Table Of Contents
What Does An Amazon RDS Instance Do? RDS Instance Classes Explained What Are The Different RDS Instance Types? What Are The Different Amazon RDS Instance Sizes? How To Choose The Right Amazon RDS Instances For Your Workload Amazon RDS Instances FAQs

Amazon’s Relational Database Service (Amazon RDS) offers a variety of database instances, which can be confusing at first. In this guide, we’ll clarify what each RDS instance class, family, type, and size means in under 15 minutes.

Let’s start at the beginning.

Table of Contents

What Does An Amazon RDS Instance Do?

Amazon RDS is a Database-as-a-Service (DaaS) platform. RDS instances are virtual servers that provide the computing power to set up, run, and maintain databases in the AWS public cloud.

AWS refers to the specific instances that power Amazon RDS as database instances (DB instances).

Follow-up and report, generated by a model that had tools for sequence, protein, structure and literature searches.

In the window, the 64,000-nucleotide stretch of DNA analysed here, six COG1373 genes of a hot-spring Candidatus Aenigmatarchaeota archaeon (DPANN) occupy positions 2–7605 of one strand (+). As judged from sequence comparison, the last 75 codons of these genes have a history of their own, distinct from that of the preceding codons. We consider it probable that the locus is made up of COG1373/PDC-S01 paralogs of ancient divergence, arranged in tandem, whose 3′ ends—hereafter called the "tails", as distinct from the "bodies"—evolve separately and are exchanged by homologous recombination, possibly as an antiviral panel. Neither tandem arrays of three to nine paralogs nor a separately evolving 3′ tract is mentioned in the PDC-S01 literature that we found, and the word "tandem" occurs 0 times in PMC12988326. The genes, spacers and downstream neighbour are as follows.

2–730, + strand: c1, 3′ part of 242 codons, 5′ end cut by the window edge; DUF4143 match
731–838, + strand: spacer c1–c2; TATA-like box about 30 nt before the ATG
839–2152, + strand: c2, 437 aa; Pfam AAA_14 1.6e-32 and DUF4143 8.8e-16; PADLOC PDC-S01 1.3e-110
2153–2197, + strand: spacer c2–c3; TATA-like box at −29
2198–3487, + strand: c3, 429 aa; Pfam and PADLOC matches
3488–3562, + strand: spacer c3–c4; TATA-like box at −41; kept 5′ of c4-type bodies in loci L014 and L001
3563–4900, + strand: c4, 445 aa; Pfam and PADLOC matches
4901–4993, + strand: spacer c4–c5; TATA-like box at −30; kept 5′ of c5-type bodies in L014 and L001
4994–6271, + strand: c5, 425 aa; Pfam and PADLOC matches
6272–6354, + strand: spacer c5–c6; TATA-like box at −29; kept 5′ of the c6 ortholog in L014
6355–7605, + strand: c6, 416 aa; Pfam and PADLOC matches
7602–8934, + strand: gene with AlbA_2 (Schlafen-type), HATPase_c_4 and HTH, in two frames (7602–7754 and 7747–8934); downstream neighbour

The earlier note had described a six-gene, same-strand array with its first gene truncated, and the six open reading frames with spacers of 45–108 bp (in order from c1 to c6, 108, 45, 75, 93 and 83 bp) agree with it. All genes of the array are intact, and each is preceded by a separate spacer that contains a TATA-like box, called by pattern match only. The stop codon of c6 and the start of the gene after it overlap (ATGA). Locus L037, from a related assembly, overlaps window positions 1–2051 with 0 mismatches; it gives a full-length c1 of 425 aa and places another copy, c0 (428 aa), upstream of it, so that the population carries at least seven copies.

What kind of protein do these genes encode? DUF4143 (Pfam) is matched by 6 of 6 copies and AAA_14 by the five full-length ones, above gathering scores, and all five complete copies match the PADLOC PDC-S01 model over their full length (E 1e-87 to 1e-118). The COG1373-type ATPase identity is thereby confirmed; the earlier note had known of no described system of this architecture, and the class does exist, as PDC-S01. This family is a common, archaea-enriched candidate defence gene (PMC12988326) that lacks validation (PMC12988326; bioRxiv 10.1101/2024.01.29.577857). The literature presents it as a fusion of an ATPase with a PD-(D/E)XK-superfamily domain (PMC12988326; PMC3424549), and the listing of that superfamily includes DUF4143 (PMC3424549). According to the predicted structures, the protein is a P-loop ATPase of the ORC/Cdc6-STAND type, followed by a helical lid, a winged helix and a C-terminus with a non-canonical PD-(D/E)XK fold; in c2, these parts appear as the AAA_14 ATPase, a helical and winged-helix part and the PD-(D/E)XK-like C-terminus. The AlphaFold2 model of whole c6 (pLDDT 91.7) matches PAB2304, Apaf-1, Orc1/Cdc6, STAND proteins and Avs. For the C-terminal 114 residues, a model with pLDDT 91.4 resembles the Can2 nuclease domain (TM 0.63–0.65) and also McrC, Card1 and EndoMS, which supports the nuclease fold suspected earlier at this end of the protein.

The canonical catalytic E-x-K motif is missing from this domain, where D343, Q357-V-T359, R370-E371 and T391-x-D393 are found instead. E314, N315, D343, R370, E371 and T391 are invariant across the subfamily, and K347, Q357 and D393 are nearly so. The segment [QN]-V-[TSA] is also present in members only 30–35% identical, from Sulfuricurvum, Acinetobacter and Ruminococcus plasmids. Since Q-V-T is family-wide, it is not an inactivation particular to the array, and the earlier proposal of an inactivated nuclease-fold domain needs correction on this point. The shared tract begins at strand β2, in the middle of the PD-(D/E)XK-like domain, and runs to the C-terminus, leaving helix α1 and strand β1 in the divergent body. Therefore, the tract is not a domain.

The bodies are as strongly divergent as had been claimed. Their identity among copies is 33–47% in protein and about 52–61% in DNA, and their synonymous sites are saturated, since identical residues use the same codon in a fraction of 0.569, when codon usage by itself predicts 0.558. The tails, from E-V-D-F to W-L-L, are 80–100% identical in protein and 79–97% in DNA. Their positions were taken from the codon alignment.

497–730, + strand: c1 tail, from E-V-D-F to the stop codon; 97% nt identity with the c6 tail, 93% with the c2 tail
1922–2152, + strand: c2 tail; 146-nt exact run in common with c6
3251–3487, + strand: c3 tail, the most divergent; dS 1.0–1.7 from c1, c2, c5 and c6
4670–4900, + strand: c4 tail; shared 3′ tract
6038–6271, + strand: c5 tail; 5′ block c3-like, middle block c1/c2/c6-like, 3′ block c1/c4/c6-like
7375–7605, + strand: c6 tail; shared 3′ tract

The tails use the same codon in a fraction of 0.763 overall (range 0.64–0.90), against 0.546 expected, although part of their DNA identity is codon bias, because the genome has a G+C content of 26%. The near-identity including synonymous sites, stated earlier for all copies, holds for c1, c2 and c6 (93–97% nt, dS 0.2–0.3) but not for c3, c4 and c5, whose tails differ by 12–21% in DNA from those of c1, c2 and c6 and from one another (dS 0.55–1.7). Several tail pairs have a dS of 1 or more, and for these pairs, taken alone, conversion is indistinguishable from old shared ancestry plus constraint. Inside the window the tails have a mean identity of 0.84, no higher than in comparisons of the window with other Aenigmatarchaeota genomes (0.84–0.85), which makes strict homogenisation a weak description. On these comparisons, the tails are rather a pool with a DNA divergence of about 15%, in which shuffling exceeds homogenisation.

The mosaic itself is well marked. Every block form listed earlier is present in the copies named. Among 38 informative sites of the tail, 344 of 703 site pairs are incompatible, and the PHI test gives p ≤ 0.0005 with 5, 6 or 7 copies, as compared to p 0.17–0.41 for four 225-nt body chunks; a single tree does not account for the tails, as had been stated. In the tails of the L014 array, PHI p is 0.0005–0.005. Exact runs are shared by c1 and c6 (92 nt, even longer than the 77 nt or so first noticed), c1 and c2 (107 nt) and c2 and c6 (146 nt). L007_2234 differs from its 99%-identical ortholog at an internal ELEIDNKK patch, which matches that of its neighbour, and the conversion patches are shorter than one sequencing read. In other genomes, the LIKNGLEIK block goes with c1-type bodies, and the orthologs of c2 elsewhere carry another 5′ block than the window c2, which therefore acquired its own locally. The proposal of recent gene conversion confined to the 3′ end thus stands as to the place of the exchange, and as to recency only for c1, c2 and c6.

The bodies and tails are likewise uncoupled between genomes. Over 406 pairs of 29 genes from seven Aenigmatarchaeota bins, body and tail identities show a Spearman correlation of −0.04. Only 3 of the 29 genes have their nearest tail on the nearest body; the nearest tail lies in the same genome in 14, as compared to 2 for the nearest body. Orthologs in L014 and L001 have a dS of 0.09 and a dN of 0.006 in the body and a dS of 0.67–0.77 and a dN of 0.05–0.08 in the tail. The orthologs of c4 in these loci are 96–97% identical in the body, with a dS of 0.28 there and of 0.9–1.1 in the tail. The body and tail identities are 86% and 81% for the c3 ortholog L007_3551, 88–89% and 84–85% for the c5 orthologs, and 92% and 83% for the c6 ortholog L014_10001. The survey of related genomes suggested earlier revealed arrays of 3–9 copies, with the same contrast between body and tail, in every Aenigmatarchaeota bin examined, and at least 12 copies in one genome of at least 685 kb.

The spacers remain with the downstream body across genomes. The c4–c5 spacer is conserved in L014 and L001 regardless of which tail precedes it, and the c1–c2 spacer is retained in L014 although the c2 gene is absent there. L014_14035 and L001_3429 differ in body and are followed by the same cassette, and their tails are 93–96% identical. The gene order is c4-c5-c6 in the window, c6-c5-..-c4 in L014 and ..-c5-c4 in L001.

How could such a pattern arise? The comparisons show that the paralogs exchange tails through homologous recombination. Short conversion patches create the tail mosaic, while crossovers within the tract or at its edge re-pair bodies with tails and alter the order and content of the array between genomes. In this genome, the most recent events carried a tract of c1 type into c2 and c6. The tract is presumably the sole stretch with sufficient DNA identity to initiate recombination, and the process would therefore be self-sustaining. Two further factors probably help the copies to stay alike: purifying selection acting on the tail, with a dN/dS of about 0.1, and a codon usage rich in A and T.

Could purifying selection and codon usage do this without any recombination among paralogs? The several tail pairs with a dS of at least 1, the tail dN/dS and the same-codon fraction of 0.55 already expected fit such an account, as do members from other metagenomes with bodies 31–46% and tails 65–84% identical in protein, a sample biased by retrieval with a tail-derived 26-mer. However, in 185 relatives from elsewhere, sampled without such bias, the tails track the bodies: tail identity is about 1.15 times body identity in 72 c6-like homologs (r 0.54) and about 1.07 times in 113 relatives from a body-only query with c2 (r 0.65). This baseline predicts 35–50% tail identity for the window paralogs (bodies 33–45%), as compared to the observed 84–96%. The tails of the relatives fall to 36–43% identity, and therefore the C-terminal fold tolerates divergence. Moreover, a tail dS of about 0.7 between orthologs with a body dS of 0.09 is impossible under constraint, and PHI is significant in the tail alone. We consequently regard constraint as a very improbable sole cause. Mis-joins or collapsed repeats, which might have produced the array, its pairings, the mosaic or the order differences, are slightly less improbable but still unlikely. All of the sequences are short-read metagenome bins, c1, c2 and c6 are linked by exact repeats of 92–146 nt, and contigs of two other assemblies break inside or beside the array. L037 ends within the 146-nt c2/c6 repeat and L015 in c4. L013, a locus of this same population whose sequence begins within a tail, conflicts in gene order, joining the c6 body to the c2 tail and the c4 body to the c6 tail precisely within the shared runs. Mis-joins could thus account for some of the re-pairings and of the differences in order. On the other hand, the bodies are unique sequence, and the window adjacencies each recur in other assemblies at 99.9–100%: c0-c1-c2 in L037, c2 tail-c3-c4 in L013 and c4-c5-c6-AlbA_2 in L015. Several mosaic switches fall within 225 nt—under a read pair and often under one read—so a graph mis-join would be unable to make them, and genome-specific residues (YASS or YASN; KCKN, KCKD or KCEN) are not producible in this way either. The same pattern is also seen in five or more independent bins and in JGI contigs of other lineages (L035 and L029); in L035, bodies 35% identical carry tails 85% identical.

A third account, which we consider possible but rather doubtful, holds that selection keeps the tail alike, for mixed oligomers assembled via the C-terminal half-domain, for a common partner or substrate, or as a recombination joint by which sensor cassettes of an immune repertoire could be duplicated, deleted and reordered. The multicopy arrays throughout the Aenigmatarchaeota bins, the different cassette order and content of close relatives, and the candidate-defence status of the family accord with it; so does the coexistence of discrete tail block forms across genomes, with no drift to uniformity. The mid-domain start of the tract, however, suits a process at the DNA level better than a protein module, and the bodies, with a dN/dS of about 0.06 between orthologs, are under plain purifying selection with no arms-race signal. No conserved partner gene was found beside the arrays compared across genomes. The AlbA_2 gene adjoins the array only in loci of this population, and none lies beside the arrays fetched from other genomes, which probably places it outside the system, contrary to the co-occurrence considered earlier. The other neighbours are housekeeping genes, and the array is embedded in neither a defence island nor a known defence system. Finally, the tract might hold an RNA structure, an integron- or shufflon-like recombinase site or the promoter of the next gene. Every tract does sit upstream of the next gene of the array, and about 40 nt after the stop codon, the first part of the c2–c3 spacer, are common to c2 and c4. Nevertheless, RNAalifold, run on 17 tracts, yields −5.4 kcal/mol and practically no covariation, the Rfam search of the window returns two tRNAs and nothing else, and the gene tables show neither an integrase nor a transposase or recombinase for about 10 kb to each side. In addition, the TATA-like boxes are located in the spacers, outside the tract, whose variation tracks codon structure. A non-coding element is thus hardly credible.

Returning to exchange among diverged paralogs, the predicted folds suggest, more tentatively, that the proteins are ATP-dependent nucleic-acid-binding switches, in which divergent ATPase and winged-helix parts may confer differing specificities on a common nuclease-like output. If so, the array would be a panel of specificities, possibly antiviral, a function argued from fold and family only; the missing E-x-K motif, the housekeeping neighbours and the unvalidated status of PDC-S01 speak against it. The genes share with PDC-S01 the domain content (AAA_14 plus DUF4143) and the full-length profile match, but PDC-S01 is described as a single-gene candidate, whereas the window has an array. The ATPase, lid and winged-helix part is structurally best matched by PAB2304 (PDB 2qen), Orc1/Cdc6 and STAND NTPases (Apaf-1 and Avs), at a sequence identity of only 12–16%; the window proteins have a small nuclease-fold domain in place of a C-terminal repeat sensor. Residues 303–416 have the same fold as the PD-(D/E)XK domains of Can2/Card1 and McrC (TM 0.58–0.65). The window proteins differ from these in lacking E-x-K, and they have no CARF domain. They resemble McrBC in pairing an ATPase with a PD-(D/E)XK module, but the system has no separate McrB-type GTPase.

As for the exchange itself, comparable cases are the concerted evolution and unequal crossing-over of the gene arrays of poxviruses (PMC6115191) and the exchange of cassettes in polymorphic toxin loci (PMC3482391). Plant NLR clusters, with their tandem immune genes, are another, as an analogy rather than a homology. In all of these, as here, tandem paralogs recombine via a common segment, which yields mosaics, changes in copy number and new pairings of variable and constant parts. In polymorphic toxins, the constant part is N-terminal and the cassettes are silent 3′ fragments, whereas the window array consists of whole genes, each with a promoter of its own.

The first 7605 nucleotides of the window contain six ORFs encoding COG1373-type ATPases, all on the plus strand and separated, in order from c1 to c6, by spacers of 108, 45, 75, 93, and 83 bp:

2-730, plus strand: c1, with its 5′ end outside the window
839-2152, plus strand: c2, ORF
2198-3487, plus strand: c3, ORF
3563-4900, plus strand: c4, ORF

DB instances provide an isolated environment in which to create and host one or more relational databases. Yet, you can access those databases just like a regular stand-alone database.

RDS DB instances (virtual hardware) run a kind of operating system (software) known as a relational database engine (DB engine). Amazon RDS currently supports six types of DB engines:

  • MariaDB
  • MySQL
  • Microsoft MySQL Server
  • PostgreSQL
  • Oracle

There are different versions of these engines, each with different features. The one thing they all have in common is that they run on RDS database instances.

How do those database instances work?

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RDS Instance Classes Explained

There are three types of Amazon RDS instance classes, each optimized for a specific use case:

Amazon RDS Instance Class

Use case

No. of vCPUs supported

Amount of Memory Supported in GiB

Networking I/O

Standard performance

Workloads with light in-memory functions